Our children meet the living Christ by reading His word. And when they narrate, they eat His word, they consume his Word, they make his Word their own, and they confess its truth with their mouths.

But Ms. Natal claims that Charlotte Mason makes “little or no mention of Scripture, leaving one doubting her faith in God’s Word.” (p. 4) These are the Scriptures of which Ms. Mason writes “that in these is to be found, and nowhere but in these, a revealed knowledge of God.” (IV:185) Ms. Natal claims that “Mason’s hope for man’s salvation seems to be placed in Science.” (p. 4) But Ms. Mason writes “that men cannot by searching find out God.” The Bible alone is the “revelation of God which satisfies and directs every aspiration of the Soul of man.” (IV:186)

In John Wesley’s day many people wanted to know how to obtain for themselves the experience of conversion. Was it best to simply wait in stillness for that gift from above? Wesley answered as follows:

“But does not the Scripture direct us to wait for salvation? Does not David say, ‘My soul waiteth upon God, for of him cometh my salvation?’ And does not Isaiah teach us the same thing, saying, ‘O Lord, we have waited for thee?’” All this cannot be denied. Seeing it is the gift of God, we are undoubtedly to wait on him for salvation. But how shall we wait? If God himself has appointed a way, can you find a better way of waiting for him? But that he hath appointed a way hath been shown at large, and also what that way is. The very words of the Prophet, which you cite, put this out of all question. For the whole sentence runs thus: “In the way of thy judgments,” or ordinances, “O Lord, have we waited for thee.” (Isaiah 26:8.) And in the very same way did David wait, as his own words abundantly testify: “I have waited for thy saving health, O Lord, and have kept thy law. Teach me, O Lord, the way of thy statutes, and I shall keep it unto the end.”

Wesley the evangelist said that the waiting for the gift from above should be an active waiting. We should help our children to walk in the spiritual habits of the Christian life until God “hath shined in [their] hearts, to give the light of the knowledge of the glory of God in the face of Jesus Christ.” (2 Cor. 4:6) In other words evangelism is the “discipline of habits formed definitely and thoughtfully” (I:5) and the presentation of the living ideas of the Gospel of Christ. Miss Mason assures us that it is “the impact of the Divine upon the human, which generates life, ‘without which there is no living.’ The life is there, imparted and sustained from above; but we have something to do here also. Spirit, like body, thrives upon daily bread and daily labour, and it is our part to set before the child those ‘new thoughts of God, new hopes of Heaven,’ which should be his spiritual diet; and to practise him in the spiritual labours of prayer, praise, and endeavour.” (V:142-143)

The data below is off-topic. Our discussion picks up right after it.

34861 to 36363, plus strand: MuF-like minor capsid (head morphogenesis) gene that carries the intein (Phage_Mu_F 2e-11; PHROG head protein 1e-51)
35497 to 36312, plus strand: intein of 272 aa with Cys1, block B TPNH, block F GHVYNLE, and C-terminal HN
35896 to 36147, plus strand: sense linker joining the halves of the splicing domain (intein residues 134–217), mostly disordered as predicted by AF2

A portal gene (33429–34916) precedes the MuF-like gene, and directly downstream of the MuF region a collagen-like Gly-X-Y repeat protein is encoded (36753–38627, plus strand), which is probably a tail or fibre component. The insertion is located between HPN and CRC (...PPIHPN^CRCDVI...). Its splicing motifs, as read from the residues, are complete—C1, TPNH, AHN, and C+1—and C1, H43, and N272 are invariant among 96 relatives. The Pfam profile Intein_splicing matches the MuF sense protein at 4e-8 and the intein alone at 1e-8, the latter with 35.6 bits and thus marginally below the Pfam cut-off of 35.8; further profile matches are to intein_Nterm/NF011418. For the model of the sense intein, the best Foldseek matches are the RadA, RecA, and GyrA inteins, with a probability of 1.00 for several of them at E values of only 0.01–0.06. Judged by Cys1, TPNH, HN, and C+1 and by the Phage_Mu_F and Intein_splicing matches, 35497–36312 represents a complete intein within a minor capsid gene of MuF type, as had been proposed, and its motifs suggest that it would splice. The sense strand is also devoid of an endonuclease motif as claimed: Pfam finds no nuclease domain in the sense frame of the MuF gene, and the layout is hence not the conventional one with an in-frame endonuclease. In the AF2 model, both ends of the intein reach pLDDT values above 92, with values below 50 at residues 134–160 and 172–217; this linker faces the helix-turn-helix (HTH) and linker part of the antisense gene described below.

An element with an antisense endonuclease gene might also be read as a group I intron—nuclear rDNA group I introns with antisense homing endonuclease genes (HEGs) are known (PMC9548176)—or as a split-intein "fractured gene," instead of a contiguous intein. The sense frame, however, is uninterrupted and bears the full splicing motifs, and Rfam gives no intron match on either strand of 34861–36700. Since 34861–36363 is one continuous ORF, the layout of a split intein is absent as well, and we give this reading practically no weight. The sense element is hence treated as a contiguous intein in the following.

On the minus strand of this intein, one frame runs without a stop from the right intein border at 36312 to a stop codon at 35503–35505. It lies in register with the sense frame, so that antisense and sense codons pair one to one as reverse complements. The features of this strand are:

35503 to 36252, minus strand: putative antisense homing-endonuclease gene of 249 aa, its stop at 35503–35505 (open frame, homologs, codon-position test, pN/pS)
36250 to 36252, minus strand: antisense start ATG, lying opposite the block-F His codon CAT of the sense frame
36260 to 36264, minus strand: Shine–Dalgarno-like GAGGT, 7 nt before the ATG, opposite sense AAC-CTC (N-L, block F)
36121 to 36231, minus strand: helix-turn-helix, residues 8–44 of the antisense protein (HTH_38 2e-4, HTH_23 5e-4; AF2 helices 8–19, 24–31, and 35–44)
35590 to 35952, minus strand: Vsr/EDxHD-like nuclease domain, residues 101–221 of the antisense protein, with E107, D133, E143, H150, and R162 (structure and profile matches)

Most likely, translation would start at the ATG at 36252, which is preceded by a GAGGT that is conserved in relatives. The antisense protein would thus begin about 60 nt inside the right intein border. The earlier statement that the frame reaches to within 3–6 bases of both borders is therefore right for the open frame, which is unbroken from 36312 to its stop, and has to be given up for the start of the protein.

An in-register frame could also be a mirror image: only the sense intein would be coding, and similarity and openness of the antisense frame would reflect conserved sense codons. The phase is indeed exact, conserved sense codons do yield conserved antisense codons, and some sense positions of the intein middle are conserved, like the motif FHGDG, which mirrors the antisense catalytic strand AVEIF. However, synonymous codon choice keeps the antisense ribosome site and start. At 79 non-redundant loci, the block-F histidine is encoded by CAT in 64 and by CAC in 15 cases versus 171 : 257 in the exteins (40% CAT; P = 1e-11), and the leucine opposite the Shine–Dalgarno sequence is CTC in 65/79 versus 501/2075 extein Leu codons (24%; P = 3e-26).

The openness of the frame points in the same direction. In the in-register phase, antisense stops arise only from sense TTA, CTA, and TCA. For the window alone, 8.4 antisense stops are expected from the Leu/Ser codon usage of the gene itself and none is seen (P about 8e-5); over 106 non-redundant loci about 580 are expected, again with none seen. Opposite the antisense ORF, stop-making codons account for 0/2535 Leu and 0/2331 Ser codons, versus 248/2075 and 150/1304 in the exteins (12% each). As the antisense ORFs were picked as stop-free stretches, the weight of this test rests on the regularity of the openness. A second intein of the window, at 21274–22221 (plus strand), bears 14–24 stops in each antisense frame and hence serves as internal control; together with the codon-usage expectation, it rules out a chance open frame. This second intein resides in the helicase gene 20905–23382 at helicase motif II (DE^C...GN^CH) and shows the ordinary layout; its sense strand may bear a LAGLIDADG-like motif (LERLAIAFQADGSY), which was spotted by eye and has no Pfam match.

Evangelism is a discipline and a life. And I know of no better method to evangelize your children than a Charlotte Mason education.

And then the parent witnesses the most wondrous miracle of all, when his child is “born of water and of the Spirit.” (John 3:5) The child still has “possibilities for good and for evil,” (VI:46), but now God’s “seed remaineth in him, because he is born of God.” (1 John 3:9) The child is now destined for heaven. And how do we lead this regenerate child into ever greater Christ-likeness?

We help the regenerate child to develop the spiritual habits of the Christine life, and we present to the regenerate child the living ideas of the Gospel of Christ. For discipleship is a discipline and a life. And I know of no better method to disciple your children than a Charlotte Mason education.

Charlotte Mason was correct when she wrote, “Children are not born bad but with possibilities for good and for evil.” (VI:46) Jesus said, “For of such is the kingdom of heaven.” (Mt. 19:14) Jesus said this not because of the undeniable truth that infants (Luke 18:15) and children carry within their very nature the sentence of death which they inherit from the first Adam. Jesus said this because of the undeniable truth that infants and children are born persons, created in the image of God, and because He, the second Adam, “was the true Light, which lighteth every man that cometh into the world.” (John 1:9)

6 Replies to “For Whose Sake?”

  1. Art, thank you for sharing this article. I have a bit of history myself behind the article by Aimee Natal that you refer to here. I first read Aimee’s article in the January 1999 Classis publication. I found her article very troubling and her representation of Charlotte Mason inaccurate. I had been receiving Susan Schaeffer Macaulay’s Child Light newsletters for some time during the years following the publication of Susan’s book For the Children’s Sake. When I read Aimee’s article, I decided to send a copy of that article to Susan Macaulay. Elaine Cooper replied to the article I sent to Susan and also sent me a letter she wrote to the editor of Classis responding to Aimee Natal’s article.